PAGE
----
Recordkeeping requirements

If you have ever been audited, you know that the burden of proof falls on the taxpayer to validate all deductions that are claimed. Here are the key recordkeeping tips pertaining to charitable contributions:

  • Gifts of $250 or more: You can claim a deduction for a contribution of $250 or more only if you retain an acknowledgement from a qualified organization or applicable payroll deduction records (i.e. for United Way contributions). All contributions of $250 or more must be documented separately either in the form or separate acknowledgements or by line item if from the same organization in the same year.
  • Gifts of less than $250: For contributions of less than $250, you need to retain one of the following: 1) a cancelled check; 2) a credit or debit card receipt; or 3) a checking or credit card statement. The record should include the amount, date posted and the payee.
  • Car expenses: If you use your vehicle in giving services to a qualified organization, you should retain a log of mileage, dates and organizations for which you used your auto. You can then claim the standard IRS mileage deduction for the total miles driven.
  • Out-of-pocket expenses: You can deduct un-reimbursed out-of-pocket expenses related to service performed for a qualified organization if you keep records that include the amount, date and organization. If the expense exceeds $250, you also will need written acknowledgement from the organization.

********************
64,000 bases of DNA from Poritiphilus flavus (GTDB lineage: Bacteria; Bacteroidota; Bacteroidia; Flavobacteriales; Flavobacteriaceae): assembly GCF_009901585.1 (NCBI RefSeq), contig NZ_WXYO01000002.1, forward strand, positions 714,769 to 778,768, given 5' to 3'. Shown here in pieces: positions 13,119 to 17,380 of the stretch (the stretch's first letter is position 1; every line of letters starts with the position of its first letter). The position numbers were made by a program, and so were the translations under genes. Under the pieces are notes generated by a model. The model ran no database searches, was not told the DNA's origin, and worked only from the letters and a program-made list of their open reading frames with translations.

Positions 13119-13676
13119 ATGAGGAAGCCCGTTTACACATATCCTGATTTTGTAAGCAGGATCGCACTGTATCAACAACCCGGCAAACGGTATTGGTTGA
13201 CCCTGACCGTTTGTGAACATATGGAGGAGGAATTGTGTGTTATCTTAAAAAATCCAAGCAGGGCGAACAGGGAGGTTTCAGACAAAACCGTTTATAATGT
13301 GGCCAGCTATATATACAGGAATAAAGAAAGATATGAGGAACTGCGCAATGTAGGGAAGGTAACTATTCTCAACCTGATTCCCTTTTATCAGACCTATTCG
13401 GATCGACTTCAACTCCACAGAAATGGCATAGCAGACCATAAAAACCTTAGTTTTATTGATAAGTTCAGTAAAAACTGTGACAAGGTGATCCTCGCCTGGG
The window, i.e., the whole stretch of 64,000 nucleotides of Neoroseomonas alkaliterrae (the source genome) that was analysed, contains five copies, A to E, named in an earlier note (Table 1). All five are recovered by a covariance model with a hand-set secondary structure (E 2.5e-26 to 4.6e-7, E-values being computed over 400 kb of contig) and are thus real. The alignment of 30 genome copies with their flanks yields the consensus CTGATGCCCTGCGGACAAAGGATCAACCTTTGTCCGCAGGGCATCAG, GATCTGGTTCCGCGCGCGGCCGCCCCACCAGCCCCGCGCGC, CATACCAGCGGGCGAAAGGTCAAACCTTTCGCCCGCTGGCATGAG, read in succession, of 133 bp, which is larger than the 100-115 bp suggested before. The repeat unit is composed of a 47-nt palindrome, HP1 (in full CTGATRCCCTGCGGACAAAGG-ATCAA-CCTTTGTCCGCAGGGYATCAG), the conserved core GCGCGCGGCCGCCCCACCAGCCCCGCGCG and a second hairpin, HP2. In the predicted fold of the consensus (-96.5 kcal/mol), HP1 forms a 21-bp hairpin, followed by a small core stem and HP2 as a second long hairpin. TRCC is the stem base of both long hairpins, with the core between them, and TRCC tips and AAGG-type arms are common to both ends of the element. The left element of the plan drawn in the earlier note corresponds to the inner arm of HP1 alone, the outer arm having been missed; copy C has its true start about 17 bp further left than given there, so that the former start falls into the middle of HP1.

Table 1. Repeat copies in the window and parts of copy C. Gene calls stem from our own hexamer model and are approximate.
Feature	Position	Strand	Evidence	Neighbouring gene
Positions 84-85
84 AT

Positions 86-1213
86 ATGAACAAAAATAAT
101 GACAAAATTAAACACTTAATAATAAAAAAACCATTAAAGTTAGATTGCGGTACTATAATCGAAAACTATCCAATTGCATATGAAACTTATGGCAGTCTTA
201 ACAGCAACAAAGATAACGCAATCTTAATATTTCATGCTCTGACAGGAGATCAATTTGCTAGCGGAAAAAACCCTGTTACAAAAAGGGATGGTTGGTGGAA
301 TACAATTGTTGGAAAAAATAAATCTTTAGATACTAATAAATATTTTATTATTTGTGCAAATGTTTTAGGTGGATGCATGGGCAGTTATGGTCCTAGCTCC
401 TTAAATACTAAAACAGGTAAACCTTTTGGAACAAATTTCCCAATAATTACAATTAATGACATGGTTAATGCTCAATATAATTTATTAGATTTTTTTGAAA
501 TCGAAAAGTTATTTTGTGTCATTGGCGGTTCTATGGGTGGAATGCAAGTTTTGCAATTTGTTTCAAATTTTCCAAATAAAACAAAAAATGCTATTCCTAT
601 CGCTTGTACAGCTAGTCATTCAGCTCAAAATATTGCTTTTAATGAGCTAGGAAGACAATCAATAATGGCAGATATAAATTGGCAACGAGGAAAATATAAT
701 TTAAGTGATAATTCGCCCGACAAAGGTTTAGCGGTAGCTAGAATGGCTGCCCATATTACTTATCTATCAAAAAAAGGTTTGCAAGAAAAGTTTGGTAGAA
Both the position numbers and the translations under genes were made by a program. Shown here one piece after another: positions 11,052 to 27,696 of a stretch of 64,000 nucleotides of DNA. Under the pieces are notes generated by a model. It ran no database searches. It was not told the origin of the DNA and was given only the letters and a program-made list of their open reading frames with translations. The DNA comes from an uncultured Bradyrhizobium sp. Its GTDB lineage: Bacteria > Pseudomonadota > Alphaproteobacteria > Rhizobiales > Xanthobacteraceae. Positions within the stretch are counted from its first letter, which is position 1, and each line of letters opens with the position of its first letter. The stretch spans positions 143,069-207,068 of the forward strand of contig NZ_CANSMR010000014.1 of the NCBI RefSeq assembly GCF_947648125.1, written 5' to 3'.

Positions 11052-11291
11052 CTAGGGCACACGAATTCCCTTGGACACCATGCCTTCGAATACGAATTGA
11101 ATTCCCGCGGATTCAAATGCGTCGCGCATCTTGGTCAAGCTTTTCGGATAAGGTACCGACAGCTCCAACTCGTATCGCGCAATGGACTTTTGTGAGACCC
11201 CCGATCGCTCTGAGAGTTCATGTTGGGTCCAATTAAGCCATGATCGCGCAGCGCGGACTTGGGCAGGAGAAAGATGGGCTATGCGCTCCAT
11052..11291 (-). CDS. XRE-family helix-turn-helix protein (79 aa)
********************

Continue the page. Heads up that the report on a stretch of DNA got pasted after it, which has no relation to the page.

• Recordkeeping for property contributions: You should retain a receipt from the organization recording the date and property given for each donation of property. You will be required to file Non-Cash Contribution Form 8283 with your tax return if the total amount of property given exceeds $500 in value in a given year. And if you claim a deduction of over $5,000 for a donation of one property item or a group of similar property items, you must also obtain a qualified written appraisal of the property from a qualified appraiser.

John D. Rockefeller, Jr. once said, "Think of giving not as a duty but as a privilege." If you are one of the 80 percent of Americans who give away some of your hard-earned money to those less fortunate, then you have experienced this privilege alluded to by Rockefeller. And if you follow the guidelines for giving outlined above, you will also remain in good standing with the IRS when tax time rolls around.

J. Tol Broome, Jr. is a freelance business writer from Greensboro, NC with credits in Nations Business, Entrepreneur and Journal of Commercial Lending. He also is a banker with over 21 years of lending experience.